I knew back story would be important, but it would be unsatisfying to overuse flashbacks, as if they were the narrative focus. I decided to provide brief memories of the past only when triggered by Sarah’s ‘real time’ experience — often a sense experience or a strong emotion. This way, I would maintain the focus on Sarah and the cell, but expand and intensify both narrative and character.
I explored the implications of Sarah’s interaction with her wider situation.
An anchoress would usually have two maids who lived in a room next to hers, one younger, who cared for her physical needs, and one older, who prayed and read and generally protected the recluse from unwanted visitors. Both were under Sarah’s authority and guidance. The questions were many: what were these women like? How did they relate to one another, living at such close quarters? Was there jealousy for the anchoress’s attention? How did the age disparity play out?
The anchoress also had visits from village women who came for counsel. The women were not allowed to see Sarah, and though their contact was physically limited, their relationships would necessarily be quite intimate. That in itself offered a fascinating dynamic: Sarah is young, finding her way as an anchoress and yet, as a holy woman, expected to be wise on matters of God, as well as marriage, reproduction and the daily tensions of village life.
By allowing the women to speak of their life at home or in the fields, and of village / manor politics, Sarah (and the reader) begins to ‘see’ and understand that the village and all its concerns must be hers as well.
Sarah’s confessor, Ranaulf, visits weekly and the two are forbidden to see one another. I discovered that the limitation on sight actually adds elements of mystery, hiddenness and tension that are destabilising for both of them. Any glimpse or touch, or even their suggestion, however necessary or inadvertent, become freighted with significance and power.
I provided some relief
The cell, I was sure, would be claustrophobic — most likely for Sarah, for the reader, and it certainly was for me! (I only realised how hard it had been to stay inside the cell once the novel was finished and I was ‘released’.) So, to prevent the narrowness becoming overwhelming, while still maintaining the general atmosphere so central to Sarah, I moved outside the cell by depicting Sarah’s confessor, Ranaulf, from third-person limited perspective. I wanted to offer a metaphorical breath of fresh air, and a walk or two along country lanes with Ranaulf, but not so much that we forget what Sarah is feeling. We see a little of the world outside, but are privy to Ranaulf’s experiences only, and mostly focused on his relationship to Sarah.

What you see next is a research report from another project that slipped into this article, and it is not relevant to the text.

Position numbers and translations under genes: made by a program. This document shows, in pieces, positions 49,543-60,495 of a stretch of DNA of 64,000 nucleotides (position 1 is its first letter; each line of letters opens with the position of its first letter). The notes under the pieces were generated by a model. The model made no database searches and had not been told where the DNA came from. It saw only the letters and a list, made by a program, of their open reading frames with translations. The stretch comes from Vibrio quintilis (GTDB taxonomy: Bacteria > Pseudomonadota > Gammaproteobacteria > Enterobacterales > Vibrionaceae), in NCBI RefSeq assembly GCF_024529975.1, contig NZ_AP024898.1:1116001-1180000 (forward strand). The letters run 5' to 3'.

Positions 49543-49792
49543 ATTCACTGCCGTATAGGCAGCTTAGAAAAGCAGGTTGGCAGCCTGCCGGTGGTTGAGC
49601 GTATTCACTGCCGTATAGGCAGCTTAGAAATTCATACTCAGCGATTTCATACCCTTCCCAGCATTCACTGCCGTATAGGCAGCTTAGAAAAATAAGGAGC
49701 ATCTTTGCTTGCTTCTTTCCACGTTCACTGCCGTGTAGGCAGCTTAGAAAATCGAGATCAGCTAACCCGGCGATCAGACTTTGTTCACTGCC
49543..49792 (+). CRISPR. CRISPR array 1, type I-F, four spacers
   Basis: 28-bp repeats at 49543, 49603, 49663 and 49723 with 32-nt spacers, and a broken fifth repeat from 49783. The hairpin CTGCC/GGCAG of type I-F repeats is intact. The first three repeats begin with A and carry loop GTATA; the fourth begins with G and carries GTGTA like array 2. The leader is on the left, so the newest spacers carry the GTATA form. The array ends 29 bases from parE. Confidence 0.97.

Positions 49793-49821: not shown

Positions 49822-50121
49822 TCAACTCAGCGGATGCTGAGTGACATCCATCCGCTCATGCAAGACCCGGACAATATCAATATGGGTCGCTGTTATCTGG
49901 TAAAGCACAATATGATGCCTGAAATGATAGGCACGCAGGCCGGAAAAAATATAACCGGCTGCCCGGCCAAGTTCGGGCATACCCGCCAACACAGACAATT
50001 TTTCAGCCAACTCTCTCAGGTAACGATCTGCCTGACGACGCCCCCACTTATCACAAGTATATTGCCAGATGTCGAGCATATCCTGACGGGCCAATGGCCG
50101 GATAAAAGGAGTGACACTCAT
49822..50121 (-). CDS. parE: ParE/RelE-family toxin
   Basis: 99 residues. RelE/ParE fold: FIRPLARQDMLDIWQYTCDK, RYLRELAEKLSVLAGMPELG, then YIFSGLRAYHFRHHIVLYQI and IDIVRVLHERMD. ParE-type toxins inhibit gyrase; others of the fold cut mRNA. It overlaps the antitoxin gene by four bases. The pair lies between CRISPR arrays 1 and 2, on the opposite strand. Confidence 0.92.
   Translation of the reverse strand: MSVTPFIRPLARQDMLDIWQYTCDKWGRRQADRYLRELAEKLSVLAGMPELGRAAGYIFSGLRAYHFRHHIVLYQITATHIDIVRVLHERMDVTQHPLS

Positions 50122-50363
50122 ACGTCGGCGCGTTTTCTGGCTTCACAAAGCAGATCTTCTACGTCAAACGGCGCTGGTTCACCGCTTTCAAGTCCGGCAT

I created a cat that stubbornly takes up residence in the anchorhold, and a young girl, Eleanor, who visits often and asks awkward questions — perhaps the questions the reader might be asking. Both characters, by their very physical presence, ‘open up’ the cell and challenge Sarah’s unrealistic commitment to purity.
3. I took risks
I’m a great believer in the idea, not that you write what you know, but that you write what you don’t know about what you know. I researched extensively and used that as a base, but there was still a lot I didn’t know about anchoresses, and so I had to imagine; that often meant taking a personal imaginative plunge into very unfamiliar and very uncomfortable realms. There were times I had to take a breath and just try out ideas and strategies. And, even when writing the tough scenes, I let myself play a little with the words.
Robyn Cadwallader lives in the country outside Canberra, Australia. She has published poems, prize-winning short stories and reviews, a non-fiction book about virginity and female agency in the Middle Ages (2008), a poetry collection, i painted unafraid (2010), and an edited collection of essays on asylum seeker policy, We Are Better Than This (2015). Her first novel, The Anchoress (2015), was published in Australia, UK, US and France; it won a Canberra Critics Award and was shortlisted for the Indie Book Awards, the Adelaide Festival Literary Awards, and longlisted for the ABIA Awards.